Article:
The dyestuff for textile market is growing with a significant rate due to high growth in the apparel market and rising demand for technical textiles. Natural dyes are gaining high popularity within the consumers and it is creating an opportunity for the Dyestuff for the textile market to grow at a considerable rate in the coming years. However, emergence of bio-based alternatives is restraining the growth of the dyestuff for textile market to some extent.
The fabric is mainly attracted by its color rather than excellence in its constitution. Mostly synthetic dyes derived from sources such as coal tar and petroleum based intermediates are used in textile industry. The first synthetic dye was derived from coal tar in 1856 known as William Perkin’s mauveine. The dyes are available in the form of granules, powders, pastes and liquid dispersions and the concentrations of active ingredients usually range from 22% to 78%. A wide range of textiles produced from the colored textile fibers is consumed in apparels, home textiles and automotive textiles. In the case of dyeing wrong or improper dyeing, the dyer can remove the applied dye with a process called stripping. Stripping uses either powerful reducing agents such as sodium hydrosulfite or oxidizing agents such as sodium hypochlorite and hydrogen peroxide.
Nylon and protein fibers are dyed with acid dyes, while acrylic fibers are dyed with basic dyes, and polyester yarn is dyed with disperse dyes. The dyestuff for textile is regularly developed and enhanced to fulfill the demands of new kinds of fabrics, detergents, new technology, advances in dyeing machineries, and to overcome serious environmental concerns caused by existing dyes. Product profile of the textile industry is changing rapidly from high cost cotton textiles to the versatile and durable synthetic fibers, so the pattern of consumption of the dyes is also going through brisk changes.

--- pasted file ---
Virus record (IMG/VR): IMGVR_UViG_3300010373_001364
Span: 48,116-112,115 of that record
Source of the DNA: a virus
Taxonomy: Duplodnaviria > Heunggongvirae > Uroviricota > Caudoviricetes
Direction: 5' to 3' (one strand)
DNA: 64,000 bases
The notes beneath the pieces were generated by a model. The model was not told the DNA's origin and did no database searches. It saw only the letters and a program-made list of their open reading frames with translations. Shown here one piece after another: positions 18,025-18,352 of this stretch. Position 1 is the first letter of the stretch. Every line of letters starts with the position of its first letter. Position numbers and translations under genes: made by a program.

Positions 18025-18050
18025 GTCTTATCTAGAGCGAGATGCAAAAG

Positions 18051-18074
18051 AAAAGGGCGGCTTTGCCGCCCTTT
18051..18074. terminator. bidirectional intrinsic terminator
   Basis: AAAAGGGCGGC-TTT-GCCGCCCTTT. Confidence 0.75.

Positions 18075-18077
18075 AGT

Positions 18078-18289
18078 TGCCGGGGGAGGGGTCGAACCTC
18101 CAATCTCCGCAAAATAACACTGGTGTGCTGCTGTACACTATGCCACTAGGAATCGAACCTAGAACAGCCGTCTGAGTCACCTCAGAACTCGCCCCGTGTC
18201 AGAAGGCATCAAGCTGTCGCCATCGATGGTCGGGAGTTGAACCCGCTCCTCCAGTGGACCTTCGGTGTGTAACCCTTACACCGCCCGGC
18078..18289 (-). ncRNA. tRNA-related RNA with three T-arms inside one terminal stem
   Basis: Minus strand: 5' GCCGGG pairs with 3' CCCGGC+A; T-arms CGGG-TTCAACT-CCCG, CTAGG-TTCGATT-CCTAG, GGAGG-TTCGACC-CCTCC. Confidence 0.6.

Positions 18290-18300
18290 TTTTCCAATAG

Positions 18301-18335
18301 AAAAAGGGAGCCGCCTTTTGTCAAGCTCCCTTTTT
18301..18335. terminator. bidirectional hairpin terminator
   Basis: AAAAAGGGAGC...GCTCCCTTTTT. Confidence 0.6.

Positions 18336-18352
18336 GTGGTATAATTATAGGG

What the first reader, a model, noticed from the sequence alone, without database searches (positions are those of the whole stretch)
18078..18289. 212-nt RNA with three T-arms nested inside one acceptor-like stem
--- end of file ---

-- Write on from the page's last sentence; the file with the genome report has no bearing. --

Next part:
On the basis of the product, the dyestuff for textile market can be categorized as nylon, acrylic, polyester and olefin. Polyester fiber is mostly used for dyestuff in textiles and has the largest market share in the products of dyestuff for textiles. The dyestuff for textile market can be categorized on the basis of applications as dyestuff for protein fibers, dyestuff for cellulose fibers and dyestuff for synthetic fibers. On the basis of end users, the dyestuff for textile market can be categorized as automotive, home textiles, agriculture, apparels and protective clothing.
On the basis of applying the method, the dyestuff for textile market can be categorized as direct application and yarn method. Direct application can be applied by either fermenting natural dye or chemically reducing the synthetic vat and sulfur dyes. Yarn dyeing can be applied in various forms such as hanks form and package form. Polyamide yarns are dyed under package form, whereas viscose rayon yarns are partly dyed under hanks form.
Elevated use of waterless dyeing is one of the major trends seen in the dyestuff for textile market. Volatile crude oil prices and stringent environmental regulations regarding dyestuff for textile are restraining the growth of the dyestuff for textile market to some extent.
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